This inflexibility becomes a significant drawback in the fastpaced field of AI research and development, where new models and techniques emerge frequently.
Furthermore, current hardware solutions, including GPUs and modelspecific ASICs, lack the ability to dynamically adapt to the diverse needs of different AI architectures, resulting in suboptimal performance and energy efficiency across varied AI workloads.
2. Exa's Polymorphic Computing Hardware
To address these challenges, Exa has developed a novel polymorphic computing architecture. This approach introduces a modelspecific, reconfigurable hardware paradigm that adapts to the unique requirements of each AI model. The key principles include specialization, parallelism and asynchronous computation, dynamic reconfigurability, and simplicity at the foundational level.
2.1 The Learnable Function Unit (LFU)
At the core of Exa's polymorphic computing system is the Learnable Function Unit (LFU). Mathematically, an LFU represents any univariate function:
$LFU:R→R$In hardware, each LFU is a specialized component designed to approximate any univariate function with high fidelity. The function implemented by an LFU is preconfigured as a hyperparameter, with adjustable parameters for finetuning (or generally just training).
A key feature of the LFU hardware is its ability to perform its designated function with zero additional operations. Once configured, the LFU operates mostly asynchronously (depending on the configuration), immediately transforming inputs to outputs based on its preconfigured function. This design eliminates the need for traditional instruction fetching and decoding, significantly reducing latency and power consumption.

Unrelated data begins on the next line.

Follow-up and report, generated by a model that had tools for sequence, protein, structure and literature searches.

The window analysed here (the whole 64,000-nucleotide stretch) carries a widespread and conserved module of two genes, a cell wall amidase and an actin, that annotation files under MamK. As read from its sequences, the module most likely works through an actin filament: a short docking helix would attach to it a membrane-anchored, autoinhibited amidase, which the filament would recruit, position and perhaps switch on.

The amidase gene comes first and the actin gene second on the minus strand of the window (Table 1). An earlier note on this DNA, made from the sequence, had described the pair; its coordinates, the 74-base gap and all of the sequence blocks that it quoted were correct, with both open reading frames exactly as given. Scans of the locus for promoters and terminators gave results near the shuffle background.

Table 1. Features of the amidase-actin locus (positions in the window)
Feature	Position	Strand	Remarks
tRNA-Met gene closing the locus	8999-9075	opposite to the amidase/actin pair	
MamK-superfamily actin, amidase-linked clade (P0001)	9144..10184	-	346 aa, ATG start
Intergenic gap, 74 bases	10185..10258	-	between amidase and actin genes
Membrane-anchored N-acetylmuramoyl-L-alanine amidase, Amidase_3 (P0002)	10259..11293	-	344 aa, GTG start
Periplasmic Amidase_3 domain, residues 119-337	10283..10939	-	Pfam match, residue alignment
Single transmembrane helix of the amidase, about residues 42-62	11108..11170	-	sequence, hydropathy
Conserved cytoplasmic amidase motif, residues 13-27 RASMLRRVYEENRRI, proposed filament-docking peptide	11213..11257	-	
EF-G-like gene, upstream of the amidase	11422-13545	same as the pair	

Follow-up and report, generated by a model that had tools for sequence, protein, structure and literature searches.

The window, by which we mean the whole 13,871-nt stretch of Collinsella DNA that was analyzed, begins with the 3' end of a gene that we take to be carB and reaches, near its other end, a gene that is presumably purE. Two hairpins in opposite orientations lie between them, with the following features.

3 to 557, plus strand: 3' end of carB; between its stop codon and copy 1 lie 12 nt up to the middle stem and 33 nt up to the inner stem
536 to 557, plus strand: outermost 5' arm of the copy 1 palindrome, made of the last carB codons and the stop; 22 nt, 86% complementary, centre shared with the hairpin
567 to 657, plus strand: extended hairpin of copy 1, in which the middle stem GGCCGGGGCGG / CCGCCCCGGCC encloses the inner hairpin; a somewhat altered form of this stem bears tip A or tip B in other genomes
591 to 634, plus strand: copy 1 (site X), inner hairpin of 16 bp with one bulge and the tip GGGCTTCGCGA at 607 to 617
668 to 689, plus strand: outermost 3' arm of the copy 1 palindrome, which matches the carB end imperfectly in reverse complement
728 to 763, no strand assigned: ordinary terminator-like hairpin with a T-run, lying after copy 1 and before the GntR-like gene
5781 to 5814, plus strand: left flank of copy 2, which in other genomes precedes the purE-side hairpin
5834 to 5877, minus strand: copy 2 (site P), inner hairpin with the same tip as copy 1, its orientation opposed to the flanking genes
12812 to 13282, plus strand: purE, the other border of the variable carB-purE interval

The LFU hardware operates at FP32 precision, allowing it to approximate a wide variety of functions, including but not limited to Gaussian functions, linear functions, and more complex mathematical operations.
2.2 Network Architecture and Flexibility
The network of LFUs in Exa's architecture forms a complex, interconnected system that goes beyond simple directed graphs. LFUs can connect in various ways, including loops and conditional connections, allowing for the implementation of diverse AI architectures. This flexibility enables the creation of structures such as MultiLayer Perceptrons (MLPs), KolmogorovArnold Networks (KANs)^{[3]}, and other novel architectures.
2.3 Memory and Data Flow
Exa's architecture incorporates a novel approach to memory management. Instead of constantly shuttling data between memory and processing units, the system loads input data once, allowing it to propagate through the highly parallelized AI model. This approach significantly reduces memory access operations, leading to improved energy efficiency and reduced latency.
LFUs can act as accumulators, temporarily storing intermediate results as data flows through the network. This distributed approach to memory allows for efficient handling of complex, multistep computations without the need for frequent external memory access.
The final output is read once, completing the computation cycle. This singleload, singleread approach, combined with the massively parallel processing capabilities of the LFU network, enables Exa's architecture to achieve high throughput and energy efficiency across a wide range of AI workloads.
3. Exa Completeness: A Theoretical Framework
We propose the concept of Exa completeness, a novel theoretical framework that describes the computational capabilities of our polymorphic computing system. Exa completeness is rooted in the ability to compose and approximate any univariate function, which can then be used to construct multivariate functions. This concept is inspired by the KolmogorovArnold representation theorem^{[1]}^{[2]}
3.1 Formal Definition